In most states, original birth certificates are replaced upon the finalization of every adoption. The original birth information becomes filed away and sealed from all public access, and, according to the laws of the land as they stand now, those records shall remain sealed throughout the remainder of eternity. Not even an original birth parent and/or the adopted person is allowed to have access of any kind to the original birth information of an adopted child. That information is re-written into a brand new birth certificate, and the blanks are filled in with new parental information to match the adoptive parents with the newly-adopted baby (who may or may not retain the name recorded on the original birth certificate). The new birth records are designed to give the appearance that the child was born to the adopting parents, as, after all, they are assuming all of the rights and responsibilities of parenting the child they are adopting as if he or she had been born to them.
This practice was put into place and “perfected” during the period we now call the Baby Scoop Era, which started largely in the early 20th century and became more refined throughout the later part of the century. During this time period, women who were pregnant and unmarried were whisked away, usually by their families, under the cover of night and sent away to live in homes set up specifically for unwed mothers. They were usually sent to a home in a different state from where they’d been living when the child was conceived, and the prearranged agreement was that they were to remain there throughout the entirety of their pregnancy then return promptly to their home state after the birth and relinquishment of the baby to the adoption agency and the adopters. It has been said that these laws concerning the original birth information were put into place to protect the “privacy” of these mothers by effectively doing away with all evidence that they ever gave birth out of, shall we say, less than ideal circumstances. It was the job of certain “concerned parties” to “counsel” an unwed mother as well as help to facilitate/mediate/carry out the adoption of her gestating child. Such counseling largely consisted of many reassurances that as soon as her baby was whisked away from her and given to someone else to raise, she would forget all about it and go on to marry, have other children, and lead an otherwise productive life. It was a sort this kind of, “There, there, dear, don’t you worry yourself about a thing. We’ll arrange everything. It’ll be as if this whole messy business had never even happened. And, besides, since this child will belong to someone else, what would be the point of retaining any evidence that the child was ever yours?” Of course this, “you’ll forget all about it” thing couldn’t be farther from the truth of the actual experience of most birth mothers. It is now very well-known and well-documented that women do not forget – ever (unless they are struck with persistent amnesia). This approach was all part of the rationale behind the sealed birth records and a basic component in the history of how it all came to be.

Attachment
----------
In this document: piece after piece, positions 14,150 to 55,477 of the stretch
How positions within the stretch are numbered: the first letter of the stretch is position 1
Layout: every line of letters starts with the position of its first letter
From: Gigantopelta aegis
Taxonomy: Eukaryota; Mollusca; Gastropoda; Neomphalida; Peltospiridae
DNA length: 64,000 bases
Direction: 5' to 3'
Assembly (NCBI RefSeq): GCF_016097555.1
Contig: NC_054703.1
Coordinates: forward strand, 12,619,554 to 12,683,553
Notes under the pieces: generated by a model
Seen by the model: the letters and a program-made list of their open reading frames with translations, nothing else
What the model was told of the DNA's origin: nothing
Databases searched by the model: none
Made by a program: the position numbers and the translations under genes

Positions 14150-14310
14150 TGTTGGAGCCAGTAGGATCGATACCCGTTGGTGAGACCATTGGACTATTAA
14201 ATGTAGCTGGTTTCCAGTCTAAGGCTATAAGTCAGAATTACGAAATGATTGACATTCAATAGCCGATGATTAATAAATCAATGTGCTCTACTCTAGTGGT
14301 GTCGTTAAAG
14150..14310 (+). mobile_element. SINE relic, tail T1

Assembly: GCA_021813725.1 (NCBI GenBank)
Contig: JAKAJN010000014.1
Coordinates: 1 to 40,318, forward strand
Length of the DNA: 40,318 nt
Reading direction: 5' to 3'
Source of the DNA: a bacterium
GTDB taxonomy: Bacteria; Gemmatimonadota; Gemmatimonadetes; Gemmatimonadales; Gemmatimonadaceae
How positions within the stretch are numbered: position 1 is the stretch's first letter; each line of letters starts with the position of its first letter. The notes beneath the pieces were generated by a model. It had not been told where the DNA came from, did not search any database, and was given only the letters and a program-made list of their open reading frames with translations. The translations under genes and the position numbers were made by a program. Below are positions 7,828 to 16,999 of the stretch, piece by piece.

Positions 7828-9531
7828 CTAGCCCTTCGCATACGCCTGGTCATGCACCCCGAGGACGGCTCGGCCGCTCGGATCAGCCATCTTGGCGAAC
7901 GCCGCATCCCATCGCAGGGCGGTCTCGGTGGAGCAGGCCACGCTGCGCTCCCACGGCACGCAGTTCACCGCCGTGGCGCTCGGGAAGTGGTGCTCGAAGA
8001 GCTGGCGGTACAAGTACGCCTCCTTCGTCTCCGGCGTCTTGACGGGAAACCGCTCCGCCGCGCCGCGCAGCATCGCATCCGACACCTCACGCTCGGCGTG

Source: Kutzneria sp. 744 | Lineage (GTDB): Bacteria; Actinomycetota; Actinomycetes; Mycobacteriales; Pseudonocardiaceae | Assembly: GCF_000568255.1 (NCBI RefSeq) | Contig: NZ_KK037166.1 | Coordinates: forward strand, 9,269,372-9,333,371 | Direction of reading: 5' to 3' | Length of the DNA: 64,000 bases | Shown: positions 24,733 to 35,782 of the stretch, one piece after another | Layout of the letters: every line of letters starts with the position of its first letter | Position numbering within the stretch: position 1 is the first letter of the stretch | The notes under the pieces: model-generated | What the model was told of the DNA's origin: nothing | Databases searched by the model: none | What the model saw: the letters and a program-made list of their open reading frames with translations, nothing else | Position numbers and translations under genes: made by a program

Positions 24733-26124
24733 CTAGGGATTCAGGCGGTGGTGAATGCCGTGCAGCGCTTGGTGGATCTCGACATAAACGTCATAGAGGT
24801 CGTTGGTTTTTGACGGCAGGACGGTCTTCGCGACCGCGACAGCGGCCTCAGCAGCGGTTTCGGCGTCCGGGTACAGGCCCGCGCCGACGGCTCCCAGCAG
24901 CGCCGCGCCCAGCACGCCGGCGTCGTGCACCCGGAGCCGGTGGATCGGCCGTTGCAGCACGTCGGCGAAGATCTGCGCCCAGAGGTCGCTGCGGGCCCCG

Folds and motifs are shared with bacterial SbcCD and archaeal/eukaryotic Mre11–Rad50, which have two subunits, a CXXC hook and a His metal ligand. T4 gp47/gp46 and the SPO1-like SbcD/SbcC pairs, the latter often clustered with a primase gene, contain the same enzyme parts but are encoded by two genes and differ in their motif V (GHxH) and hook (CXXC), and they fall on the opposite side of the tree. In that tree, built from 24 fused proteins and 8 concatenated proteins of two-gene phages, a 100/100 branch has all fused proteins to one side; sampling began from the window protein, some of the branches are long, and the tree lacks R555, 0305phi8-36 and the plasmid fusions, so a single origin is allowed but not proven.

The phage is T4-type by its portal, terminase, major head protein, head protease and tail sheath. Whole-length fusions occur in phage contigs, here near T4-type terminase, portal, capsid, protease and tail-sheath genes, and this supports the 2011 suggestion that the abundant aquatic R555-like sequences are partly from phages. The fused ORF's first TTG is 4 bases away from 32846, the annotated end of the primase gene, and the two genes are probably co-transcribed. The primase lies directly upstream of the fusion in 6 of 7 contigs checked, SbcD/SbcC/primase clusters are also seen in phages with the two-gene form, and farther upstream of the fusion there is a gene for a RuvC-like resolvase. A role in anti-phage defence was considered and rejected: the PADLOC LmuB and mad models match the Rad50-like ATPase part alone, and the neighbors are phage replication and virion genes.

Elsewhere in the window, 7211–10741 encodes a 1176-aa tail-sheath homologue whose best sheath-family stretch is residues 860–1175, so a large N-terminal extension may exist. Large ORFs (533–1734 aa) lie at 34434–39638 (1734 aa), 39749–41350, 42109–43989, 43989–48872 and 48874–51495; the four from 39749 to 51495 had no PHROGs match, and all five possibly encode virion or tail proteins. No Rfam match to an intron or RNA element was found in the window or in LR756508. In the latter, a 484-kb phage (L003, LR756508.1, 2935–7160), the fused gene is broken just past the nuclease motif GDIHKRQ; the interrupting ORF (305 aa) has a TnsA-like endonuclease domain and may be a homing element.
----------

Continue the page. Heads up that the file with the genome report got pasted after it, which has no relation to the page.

As many advocates now head to their state legislature brances to rally in favor of adoptees’ rights to be granted access to their original birth records, many who oppose the idea use the argument of a birth parents’ right to privacy, citing the archaic Baby Scoop era line of thinking. As a birth parent myself, I am of the opinion that once I procreate, my genetic information is no longer mine to keep under lock and key. If I truly want to keep my name out of the mix of someone else’s entry into this world then the answer to that is simple: I refrain from procreating. If I truly want to keep my genetic information to myself, then I do not contribute it to a newly-forming fetus that, if left to gestate in peace, will become another human being, who is not now and never will be me. Otherwise, once I’ve participated in the procreation process, then any law that is supposed to protect my so-called privacy has become irrelevant, a moot point. The right to that privacy was forfeited by the very real and verifiable event of having conceived, gestated, and given birth to a living human being. For if the natural order of things prevails, my offspring will, in turn, contribute their genetic information – which also happens to include my genetic information – to other human beings, and so the cycle of the continuation of our species carries on.
This is all scientific and actual fact that is irrefutable. Therefore, my genetic information never was and never will be exclusively mine. It belonged to plenty of other people long before I was ever conceived. It will belong to others long after I’m gone. The rest is just paperwork – which, by the way, happens to be a system put in place, in part, to provide a reference to document the existence of the previous generations for the sake of posterity. If the genetic information is not mine exclusively (nor does it, by the way, belong to the state), then neither is the accompanying paperwork. It’s just common sense.
And that is what has gone off the rails with current adoption laws, practices, and procedures in the United States…most all of it defies COMMON M-Fing SENSE!!!
And so, if we have managed to hold onto enough sanity in the lunacy of today’s world to maintain at least some measure of common sense, then we owe it to the generations to come to re-introduce the rare and precious commodity of common sense that’s been lost to the generation of now (for it seems to have become masked by the fog of pink unicorn farts that is now the accepted average, everyday adoption story that baby brokers have so shrewdly been marketing in recent decades).
How much simpler can this @#*&%$!~ing be??? Give people their @#*&%$!~ing birth records, already!!!